As I continued my research, I realized that the useful articles I was coming across were all coming from the Journal of Rehabilitation Research and Development, so instead of continuing to dig through articles on a general scientific search engine, I went to the JRRD’s website and began to look there. The two types of articles I found an abundance of were research on improving the control systems for myolectrically controlled prosthetics and on different materials or finger designs to improve grip.
The article I found on improving grip can be found here. Next week I plan on making a 3d model of a similar pad that could be 3d printed. Instead of rotating on joints, the flex would come from thinly printed plastic layers to allow for a more dynamic grip on certain surfaces. The fingertips of the current model are round and solid, so if we can find a way to incorporate this it might improve it’s functionality.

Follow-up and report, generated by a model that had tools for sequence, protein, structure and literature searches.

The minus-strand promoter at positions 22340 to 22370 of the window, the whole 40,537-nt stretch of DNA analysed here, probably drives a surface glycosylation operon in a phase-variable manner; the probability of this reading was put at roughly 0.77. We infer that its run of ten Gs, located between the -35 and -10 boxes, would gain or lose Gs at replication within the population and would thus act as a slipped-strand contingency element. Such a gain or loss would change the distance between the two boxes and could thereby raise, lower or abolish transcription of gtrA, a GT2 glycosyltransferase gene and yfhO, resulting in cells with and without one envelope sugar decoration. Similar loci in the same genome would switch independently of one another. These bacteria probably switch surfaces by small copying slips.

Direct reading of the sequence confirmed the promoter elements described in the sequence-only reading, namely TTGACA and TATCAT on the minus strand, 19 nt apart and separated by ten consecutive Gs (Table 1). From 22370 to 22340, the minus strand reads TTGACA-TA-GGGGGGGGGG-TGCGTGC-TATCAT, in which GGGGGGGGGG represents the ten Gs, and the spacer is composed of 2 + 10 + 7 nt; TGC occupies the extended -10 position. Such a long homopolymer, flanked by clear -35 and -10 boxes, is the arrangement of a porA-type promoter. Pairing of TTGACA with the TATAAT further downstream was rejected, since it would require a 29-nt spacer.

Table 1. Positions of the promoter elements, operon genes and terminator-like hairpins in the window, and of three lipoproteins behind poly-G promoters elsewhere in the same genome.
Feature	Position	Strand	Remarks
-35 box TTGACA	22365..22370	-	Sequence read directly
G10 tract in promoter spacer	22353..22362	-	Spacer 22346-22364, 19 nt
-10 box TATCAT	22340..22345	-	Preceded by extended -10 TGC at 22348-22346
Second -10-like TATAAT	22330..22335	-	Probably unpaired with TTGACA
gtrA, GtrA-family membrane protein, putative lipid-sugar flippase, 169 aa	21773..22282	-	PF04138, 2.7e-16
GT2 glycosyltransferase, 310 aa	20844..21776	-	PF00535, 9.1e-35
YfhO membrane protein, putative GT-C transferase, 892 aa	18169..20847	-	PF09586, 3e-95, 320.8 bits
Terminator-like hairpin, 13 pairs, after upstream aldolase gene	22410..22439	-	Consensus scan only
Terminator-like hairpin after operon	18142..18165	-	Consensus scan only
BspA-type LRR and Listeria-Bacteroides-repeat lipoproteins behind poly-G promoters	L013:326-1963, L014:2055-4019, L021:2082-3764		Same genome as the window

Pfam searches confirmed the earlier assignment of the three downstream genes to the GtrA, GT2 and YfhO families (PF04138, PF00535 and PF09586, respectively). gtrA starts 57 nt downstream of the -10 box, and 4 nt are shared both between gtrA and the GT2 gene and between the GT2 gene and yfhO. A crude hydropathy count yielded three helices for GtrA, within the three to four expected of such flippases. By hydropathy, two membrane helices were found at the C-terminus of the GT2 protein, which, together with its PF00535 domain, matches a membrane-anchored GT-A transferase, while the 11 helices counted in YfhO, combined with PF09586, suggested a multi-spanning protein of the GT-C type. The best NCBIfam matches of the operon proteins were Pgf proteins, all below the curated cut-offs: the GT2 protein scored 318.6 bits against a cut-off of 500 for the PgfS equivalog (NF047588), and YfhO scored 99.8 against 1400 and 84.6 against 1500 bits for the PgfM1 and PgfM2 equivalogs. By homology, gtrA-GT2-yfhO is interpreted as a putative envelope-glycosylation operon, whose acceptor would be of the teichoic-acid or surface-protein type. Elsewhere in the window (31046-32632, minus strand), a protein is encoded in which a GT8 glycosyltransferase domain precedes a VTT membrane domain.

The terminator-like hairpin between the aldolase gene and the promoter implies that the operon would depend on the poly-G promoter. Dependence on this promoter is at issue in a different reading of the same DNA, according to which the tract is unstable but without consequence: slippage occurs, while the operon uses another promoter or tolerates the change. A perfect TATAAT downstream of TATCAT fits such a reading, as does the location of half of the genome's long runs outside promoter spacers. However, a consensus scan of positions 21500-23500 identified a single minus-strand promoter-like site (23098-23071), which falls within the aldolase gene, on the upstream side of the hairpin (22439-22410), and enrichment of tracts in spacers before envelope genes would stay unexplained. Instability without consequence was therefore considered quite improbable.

The other major step forward in my research is towards the myoelectrically controlled hand. Some of the research done on prosthetics is based on solving the issue of concentration. When humans use our hands we don’t have to think much about it, but with the myoelectric control system there can be issues with the attention required to use it. There have been feedback systems designed using vibration and pressure to signal when a prosthetic is grasping firmly and the research that has been done indicates this is the best available solution that improves function without requiring too much attention.
Moving on to next week I’ll begin to wrap up my annotated bibliography and start to work on some 3D modeling for different types of fingers and grips that we’ve decided to test.